I once took a "personality" test during a job interview. Maybe you're familiar with it, lots of questions about morality and judgement, like "It's wrong to steal from your employer. Agree / Disagree." One of the questions was "Stereotypes are based on truths. Agree / Disagree." To this day, I'm not sure which answer they were looking for on that one. To agree reveals a type of prejudice, and to disagree is to deny a common repeating pattern.
There are a lot of stereotypes associated with marijuana users... like they're all unwashed dreadlocked unemployed hippies. Last night I saw CNN's "Marijuana Inc." where a couple who drove to Humboldt sought work as bud trimmers. They showed the guy smoking a bowl, and of course, he was unwashed, dreadlocked, and unemployed. But most marijuana users take umbrage at those stereotypes. It just so happens that all of the hippies I've known have smoked marijuana, but their unkempt appearance and minimal hygiene were not byproducts of extended drug use the way you would find with junkies and meth addicts, rather their disregard for the commonly accepted notion of possessions was incidental to their marijuana use. You could take away the marijuana, and they'd still be the same. It's a bit of a chicken-or-the-egg situation. Marijuana didn't turn them into hippies, but it probably facilitated the process.
I find that marijuana is a paradox. On the one hand it placates the basest desires - give a joint, a burrito, and a blanket to someone who has nothing and they're good for a few hours. But on the other hand it awakens a gnawing sense of discontent - give someone making $26,000 a joint, and they'll start thinking about advancing their position in life. Give someone making $100,000 a joint and they'll start thinking about all that is missing from their life. To me, weed clarifies my desires and lets my heart cry out for what it wants, but chronic use becomes the barrier to obtaining those desires.
While marijuana prohibition has been in effect for about 100 years, it only became classified as Schedule I in 1972, during the presidency of Richard Nixon. At the time, Nixon was battling two wars: One in Vietnam, and the other in the USA against the people protesting the war in Vietnam. As part of his strategy of domestic suppression, he put marijuana at the top of the forbidden list.
The United States Department of Health and Human Services owns a patent related to marijuana use. U.S. Patent # 6630507 specifies the use of cannabinoids as antioxidants and neuroprotectants. But the DEA, in conjunction with the FDA, who is in charge scheduling controlled substances and enforcing the law, claims that cannabinoids have no medical value. A lack of medical value is the deciding criteria in assigning a drug to the Schedule I list. So our government simultaneously claims marijuana has no medical value, meanwhile it holds a patent describing marijuana's medical value.
The other defining difference between Schedule I and Schedule II is that a Schedule I drug has no accepted safe use. Marijuana has a hundred compounds in it, but the physical and psychological effects are produced by cannabinoids (discussed above) and THC. Synthetic THC is called dronabinol, and accounted for less than 1% of Abbott Pharmaceuticals' 2012 revenues of $40 Billion. It is sold under the brand name Marinol which is a Schedule III (3) drug. For the record, the FDA claims 4 people have died from Marinol overdose. And yet in the history of mankind no person has ever died from a marijuana overdose. Therefore one has to interpret the FDA's stance on "safe use" to mean that any marijuana use, though nonfatal, is unsafe. How can the FDA claim marijuana exposure is unsafe, but cannabinoids and synthetic THC are?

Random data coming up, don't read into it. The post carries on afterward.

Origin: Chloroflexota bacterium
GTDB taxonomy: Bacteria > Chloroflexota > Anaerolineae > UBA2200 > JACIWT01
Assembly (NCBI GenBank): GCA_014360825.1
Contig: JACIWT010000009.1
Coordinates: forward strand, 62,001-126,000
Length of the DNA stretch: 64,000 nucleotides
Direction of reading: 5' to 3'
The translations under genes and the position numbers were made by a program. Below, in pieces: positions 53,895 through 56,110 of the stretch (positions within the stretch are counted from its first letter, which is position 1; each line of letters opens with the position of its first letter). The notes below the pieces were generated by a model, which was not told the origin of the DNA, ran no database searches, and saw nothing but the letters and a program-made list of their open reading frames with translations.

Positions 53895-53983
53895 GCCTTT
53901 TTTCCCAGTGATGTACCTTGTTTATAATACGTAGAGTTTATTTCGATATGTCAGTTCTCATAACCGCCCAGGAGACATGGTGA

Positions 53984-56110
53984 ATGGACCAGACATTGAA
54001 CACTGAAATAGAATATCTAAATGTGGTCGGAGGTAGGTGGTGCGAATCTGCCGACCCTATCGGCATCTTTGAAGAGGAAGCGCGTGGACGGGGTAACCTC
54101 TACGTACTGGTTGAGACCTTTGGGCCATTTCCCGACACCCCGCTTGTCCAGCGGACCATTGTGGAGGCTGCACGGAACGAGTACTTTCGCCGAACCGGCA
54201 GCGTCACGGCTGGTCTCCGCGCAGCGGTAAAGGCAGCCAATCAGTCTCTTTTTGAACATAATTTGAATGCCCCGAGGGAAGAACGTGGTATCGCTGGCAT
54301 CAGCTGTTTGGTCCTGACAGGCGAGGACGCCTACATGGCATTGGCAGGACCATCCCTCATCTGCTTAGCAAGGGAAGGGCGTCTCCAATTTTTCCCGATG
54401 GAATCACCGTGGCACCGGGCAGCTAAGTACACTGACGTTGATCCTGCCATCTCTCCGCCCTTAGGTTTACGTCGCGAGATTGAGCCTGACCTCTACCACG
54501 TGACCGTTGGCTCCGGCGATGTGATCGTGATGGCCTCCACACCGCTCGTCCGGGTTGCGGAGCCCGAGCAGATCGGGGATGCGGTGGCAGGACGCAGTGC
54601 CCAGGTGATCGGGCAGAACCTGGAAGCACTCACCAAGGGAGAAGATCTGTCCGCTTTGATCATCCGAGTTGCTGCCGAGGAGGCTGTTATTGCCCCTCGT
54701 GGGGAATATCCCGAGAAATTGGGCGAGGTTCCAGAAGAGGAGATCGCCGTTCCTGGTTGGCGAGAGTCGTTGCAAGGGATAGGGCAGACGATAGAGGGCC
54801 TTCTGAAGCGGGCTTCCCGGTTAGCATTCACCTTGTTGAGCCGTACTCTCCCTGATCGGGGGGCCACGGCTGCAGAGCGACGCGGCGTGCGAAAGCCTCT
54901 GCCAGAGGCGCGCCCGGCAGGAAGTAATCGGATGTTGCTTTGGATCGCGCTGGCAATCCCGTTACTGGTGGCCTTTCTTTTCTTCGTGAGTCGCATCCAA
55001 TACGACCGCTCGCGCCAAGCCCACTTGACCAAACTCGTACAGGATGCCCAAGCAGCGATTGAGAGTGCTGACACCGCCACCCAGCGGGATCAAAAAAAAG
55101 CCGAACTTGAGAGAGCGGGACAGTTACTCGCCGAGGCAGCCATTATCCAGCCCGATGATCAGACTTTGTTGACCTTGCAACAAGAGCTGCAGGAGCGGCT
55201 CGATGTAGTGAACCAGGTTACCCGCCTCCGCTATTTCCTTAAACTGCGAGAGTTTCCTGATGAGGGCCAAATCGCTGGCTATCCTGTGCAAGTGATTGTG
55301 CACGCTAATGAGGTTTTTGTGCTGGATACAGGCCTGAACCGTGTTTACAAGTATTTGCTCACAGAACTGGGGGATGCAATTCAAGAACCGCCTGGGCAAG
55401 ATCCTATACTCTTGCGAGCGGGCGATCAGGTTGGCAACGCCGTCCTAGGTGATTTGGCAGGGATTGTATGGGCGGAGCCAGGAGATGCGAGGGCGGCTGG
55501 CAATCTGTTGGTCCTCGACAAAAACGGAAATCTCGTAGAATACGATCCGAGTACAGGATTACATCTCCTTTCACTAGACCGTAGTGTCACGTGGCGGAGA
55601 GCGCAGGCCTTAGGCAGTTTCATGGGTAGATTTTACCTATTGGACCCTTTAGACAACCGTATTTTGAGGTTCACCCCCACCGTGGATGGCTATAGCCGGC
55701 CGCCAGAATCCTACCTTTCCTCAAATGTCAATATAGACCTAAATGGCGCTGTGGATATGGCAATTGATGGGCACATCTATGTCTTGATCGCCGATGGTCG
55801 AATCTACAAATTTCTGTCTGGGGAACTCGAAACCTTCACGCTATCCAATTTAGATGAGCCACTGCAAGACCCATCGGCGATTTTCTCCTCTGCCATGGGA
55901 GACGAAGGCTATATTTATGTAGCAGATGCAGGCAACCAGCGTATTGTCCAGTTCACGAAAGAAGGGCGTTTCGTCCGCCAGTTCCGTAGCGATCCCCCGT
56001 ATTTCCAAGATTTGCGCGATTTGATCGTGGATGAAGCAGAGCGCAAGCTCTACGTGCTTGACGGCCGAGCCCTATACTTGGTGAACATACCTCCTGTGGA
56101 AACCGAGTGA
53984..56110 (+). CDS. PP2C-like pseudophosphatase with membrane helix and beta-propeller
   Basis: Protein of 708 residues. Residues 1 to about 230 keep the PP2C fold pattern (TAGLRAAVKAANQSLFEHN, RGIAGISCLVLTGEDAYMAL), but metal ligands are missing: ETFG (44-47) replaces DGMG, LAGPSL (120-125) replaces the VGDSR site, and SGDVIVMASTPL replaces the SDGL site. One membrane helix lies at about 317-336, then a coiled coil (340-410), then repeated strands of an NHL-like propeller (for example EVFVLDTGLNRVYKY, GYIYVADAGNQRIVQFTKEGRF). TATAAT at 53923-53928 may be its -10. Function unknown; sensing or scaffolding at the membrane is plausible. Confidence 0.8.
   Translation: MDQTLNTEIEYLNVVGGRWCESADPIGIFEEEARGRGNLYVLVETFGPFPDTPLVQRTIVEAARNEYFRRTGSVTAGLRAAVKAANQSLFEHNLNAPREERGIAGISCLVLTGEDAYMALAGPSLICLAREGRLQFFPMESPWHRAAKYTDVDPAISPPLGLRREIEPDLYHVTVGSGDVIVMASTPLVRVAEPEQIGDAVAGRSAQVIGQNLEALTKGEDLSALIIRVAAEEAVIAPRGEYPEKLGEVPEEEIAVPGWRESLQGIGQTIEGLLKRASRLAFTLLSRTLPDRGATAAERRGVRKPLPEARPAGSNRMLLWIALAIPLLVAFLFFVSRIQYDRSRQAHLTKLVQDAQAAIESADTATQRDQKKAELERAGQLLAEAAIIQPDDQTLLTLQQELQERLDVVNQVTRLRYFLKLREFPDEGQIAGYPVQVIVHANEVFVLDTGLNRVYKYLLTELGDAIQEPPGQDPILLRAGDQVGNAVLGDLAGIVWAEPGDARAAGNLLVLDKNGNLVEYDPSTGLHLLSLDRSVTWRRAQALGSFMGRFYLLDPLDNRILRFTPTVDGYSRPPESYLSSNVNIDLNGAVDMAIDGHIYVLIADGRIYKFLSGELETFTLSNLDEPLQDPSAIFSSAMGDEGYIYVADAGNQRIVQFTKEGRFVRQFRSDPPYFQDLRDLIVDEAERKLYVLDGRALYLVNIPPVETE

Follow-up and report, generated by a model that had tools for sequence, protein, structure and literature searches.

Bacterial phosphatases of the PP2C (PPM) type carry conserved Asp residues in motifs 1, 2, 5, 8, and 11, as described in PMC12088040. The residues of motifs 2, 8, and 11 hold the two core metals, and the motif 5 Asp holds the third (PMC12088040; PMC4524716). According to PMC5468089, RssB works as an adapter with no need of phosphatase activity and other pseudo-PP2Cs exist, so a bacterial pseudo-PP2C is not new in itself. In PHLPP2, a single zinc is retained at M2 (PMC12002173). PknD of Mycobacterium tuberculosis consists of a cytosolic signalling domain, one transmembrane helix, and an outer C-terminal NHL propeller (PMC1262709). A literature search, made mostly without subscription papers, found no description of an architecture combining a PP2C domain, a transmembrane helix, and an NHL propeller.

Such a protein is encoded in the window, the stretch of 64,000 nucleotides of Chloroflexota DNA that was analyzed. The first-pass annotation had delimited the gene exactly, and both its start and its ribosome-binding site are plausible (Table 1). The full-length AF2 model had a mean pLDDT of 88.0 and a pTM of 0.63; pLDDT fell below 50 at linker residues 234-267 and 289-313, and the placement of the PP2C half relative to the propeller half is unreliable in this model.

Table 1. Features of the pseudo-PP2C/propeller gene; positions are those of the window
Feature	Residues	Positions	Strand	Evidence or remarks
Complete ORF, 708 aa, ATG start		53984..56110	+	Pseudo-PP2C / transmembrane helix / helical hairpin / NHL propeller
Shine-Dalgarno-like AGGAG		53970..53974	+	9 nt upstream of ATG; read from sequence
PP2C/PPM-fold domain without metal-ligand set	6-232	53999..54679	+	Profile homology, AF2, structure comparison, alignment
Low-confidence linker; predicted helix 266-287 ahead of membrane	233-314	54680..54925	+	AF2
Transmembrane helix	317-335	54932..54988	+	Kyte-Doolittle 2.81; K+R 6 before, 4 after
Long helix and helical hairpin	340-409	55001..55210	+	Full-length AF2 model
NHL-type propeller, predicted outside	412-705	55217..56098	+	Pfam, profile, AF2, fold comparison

I think this leads us to the crux of the issue: What, exactly, is "unsafe" about marijuana consumption? Given my experience that marijuana diminishes immediate need consumerism while amplifying big picture discontent, one can see how the status quo depends on keeping marijuana illegal. We are all slaves to capitalism, just as the people who live in The Matrix were merely a source of energy, we are all seen by the ruling class as providing fuel for the economic engine.
They say that ending marijuana prohibition would result in a $43 Billion economic shift. Monies spent on black market marijuana would no longer go to drug cartels and instead go to local businesses, employing local workers. Taxes would be collected. Law enforcement would be able to focus on violent crime. About 3/4 of a million arrests would stop clogging our courts, and with them the money wasted on attorneys and fines. Approximately 50,000 prisoners would be released, at an annual average cost of incarceration of $30,000. That would amount to $1.5 Billion taken away from the prisons. Many of those arrested are given a choice between incarceration and mandatory drug treatment, artificially increasing the drug treatment statistics. Often, the cost of drug treatment is placed on the offender. Arrests, court appearances, mandatory treatment and incarceration all decrease worker productivity, for both the offenders and their families.
But beyond the immediate, beneficial economic shift would be an underlying one more upsetting to the balance of the status quo. I believe the unsatiated desires that make consumers load up on plastic crap would be replaced by a minimalist frame of mind. The money saved would allow people to spend more on higher quality foods, forcing a trend towards organics and against GMO. Instead of drinking ourselves into oblivion on Friday night, Americans would spend time learning how to get high, and by that I don't mean the art of inhaling smoke, I mean directing your mind to become more receptive to being elevated. Instead of dogmatically following a religion, people might be inclined to seek and find their own definition of God.
It's no wonder why ending prohibition scares the crap out of the ruling class.